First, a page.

GREEN BAY, Wis. -- Good Humor-Breyers Ice Cream here has completed phasing out its direct-store delivery distribution system, which had delivered Breyers and Sealtest ice creams direct to supermarkets.
"The shutdown is complete," said Max Ballard, senior vice president of sales for Good Humor-Breyers, referring to the DSD operation. He told SN the system primarily serviced supermarkets in Southeastern states.
In interviews with SN, the vendor and a number of retailers said the transition went smoothly, though not all retailers had wanted to drop the DSD system.
The move to change the delivery system began Oct. 25, when Unilever United States, Good Humor-Breyers' parent company, purchased the ice cream interests of Philip Morris' Kraft General Foods. DSD was eliminated as part of the consolidation of the two operations.
"The response from retailers has been extremely positive," Ballard told SN. "They like to control their own destiny, so to speak. A lot of them have their own warehouses and wanted to get away from DSD.
"Our philosophy is to do business the way our customers want," Ballard said. "That's the reason we closed the DSD system. Essentially, we had been dictating how our customers would receive their ice cream."
Some retail customers, both large and small, have opted to continue DSD distribution, however, through local third-party distributors. "If a customer wants DSD, there are lots of distributors around who do DSD," Ballard said.
Others said they welcomed the change to warehouse delivery. "We had more problems when [Good Humor-Breyers] went from warehouses to DSD about two years ago, than when they went back to warehousing now," said J. Thomas Outlaw Jr., director of frozen foods for Ingles Markets, Black Mountain, N.C.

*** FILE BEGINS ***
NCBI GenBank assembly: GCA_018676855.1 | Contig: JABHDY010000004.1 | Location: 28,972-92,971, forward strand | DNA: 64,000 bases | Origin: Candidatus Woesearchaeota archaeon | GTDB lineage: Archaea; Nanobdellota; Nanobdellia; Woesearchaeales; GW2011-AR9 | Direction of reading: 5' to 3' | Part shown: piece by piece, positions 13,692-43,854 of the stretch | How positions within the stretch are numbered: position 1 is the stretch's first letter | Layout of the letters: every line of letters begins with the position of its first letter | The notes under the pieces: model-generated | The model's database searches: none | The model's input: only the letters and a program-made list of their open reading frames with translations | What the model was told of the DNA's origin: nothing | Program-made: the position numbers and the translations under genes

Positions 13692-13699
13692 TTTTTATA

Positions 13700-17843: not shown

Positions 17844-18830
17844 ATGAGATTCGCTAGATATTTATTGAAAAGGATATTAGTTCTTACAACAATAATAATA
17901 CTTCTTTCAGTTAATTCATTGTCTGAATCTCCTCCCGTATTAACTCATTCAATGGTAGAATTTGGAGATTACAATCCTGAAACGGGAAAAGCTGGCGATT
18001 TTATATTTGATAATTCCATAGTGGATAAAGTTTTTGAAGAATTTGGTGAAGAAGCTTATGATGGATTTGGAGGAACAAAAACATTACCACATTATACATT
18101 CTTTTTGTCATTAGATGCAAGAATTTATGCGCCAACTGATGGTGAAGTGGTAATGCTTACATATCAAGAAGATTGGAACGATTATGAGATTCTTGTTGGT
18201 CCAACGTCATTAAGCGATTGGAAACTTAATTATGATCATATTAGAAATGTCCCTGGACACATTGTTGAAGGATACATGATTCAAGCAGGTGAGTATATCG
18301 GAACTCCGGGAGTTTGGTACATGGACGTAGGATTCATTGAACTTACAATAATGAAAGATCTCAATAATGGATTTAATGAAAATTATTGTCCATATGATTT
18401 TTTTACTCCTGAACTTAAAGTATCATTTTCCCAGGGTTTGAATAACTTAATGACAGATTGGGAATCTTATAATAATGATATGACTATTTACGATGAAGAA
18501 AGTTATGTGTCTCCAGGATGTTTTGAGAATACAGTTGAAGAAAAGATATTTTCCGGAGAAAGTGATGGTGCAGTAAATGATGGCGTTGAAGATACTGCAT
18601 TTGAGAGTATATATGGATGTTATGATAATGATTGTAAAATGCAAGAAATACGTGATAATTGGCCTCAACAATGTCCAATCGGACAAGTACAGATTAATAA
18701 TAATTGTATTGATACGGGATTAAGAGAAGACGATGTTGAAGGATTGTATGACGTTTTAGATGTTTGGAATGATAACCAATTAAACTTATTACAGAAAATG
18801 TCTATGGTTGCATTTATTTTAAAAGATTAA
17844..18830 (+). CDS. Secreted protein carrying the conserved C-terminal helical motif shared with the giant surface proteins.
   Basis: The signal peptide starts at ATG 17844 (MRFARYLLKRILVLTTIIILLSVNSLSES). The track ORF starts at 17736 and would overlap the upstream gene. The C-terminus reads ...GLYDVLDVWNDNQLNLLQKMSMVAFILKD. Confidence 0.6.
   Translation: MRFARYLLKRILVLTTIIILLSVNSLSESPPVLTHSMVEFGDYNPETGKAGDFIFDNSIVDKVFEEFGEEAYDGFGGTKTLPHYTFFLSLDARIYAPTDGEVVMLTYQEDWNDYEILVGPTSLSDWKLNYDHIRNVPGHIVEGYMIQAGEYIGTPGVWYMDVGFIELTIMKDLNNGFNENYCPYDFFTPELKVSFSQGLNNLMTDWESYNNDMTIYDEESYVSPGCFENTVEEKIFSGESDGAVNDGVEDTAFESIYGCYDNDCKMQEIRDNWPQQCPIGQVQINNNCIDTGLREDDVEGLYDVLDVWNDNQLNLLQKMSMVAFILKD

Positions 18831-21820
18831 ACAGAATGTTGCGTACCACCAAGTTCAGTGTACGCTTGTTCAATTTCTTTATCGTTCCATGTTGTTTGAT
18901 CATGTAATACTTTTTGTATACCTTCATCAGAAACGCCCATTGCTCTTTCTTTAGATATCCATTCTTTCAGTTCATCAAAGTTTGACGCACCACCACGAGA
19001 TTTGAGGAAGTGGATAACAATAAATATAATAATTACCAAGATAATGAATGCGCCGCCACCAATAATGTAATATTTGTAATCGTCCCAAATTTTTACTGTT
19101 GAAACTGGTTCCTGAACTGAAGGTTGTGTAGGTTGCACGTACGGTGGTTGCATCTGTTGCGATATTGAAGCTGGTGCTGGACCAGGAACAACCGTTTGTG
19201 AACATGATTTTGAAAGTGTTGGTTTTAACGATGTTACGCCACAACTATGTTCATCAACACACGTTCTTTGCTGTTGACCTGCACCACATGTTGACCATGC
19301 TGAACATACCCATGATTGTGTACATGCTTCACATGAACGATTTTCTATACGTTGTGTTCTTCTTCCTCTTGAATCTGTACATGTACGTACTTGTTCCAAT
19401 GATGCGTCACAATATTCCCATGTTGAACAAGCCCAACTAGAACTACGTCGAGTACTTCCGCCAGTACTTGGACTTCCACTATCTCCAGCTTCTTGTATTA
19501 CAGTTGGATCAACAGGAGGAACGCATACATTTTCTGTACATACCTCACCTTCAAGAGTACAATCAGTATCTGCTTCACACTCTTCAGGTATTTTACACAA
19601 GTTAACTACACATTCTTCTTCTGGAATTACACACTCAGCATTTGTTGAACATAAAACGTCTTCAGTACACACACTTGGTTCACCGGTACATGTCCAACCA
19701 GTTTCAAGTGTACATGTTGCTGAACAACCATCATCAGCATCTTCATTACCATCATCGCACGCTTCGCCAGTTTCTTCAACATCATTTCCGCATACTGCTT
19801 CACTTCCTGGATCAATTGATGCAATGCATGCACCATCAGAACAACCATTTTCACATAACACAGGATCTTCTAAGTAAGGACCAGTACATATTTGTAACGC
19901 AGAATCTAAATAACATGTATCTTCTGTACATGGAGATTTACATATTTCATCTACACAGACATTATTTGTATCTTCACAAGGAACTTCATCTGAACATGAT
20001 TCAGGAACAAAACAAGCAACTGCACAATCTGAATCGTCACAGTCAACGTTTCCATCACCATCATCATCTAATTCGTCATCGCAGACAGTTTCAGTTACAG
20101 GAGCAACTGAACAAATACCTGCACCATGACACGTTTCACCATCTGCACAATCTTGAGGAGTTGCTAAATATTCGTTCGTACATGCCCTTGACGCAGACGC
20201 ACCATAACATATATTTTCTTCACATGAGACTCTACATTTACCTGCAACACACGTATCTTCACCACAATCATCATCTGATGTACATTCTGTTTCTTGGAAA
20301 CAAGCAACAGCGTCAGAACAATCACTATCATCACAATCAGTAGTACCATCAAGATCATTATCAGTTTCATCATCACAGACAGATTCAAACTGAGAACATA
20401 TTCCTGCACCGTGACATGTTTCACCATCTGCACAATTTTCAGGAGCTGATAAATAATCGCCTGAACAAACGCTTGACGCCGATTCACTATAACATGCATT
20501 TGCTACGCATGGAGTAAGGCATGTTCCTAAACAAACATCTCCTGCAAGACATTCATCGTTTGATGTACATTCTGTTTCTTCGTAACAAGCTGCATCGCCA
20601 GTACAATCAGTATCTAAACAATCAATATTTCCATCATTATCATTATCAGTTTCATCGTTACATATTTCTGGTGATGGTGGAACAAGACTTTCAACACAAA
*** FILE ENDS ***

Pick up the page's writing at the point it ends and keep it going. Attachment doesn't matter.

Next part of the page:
Ingles had prepared for this latest change by adjusting its buying. "We bought out on DSD, to make sure we were covered in January. We took on more product on store level than we like, but we wanted to make sure we didn't run out," Outlaw said. He added that, now the transition is complete, things are running smoothly.
"I think it will help sales because we'll be able to make sure we have what we need in the stores," he said.
A buyer with a large Southern retailer told SN he elected to stay with DSD. "We do it now through a wholesaler who does other frozens for us. It's worked out fine. The biggest problem was getting the changes in our computer."
Some retailers have profited by the move away from DSD, Ballard said.
"It depends on the cost structure of their warehouse operations," he explained. "They certainly get the product much cheaper. Whether it's cheaper than the cost of servicing their stores, that's something unique to each retailer. Generally, customers who have large ice cream programs can improve their margins by putting the ice cream through the warehouse."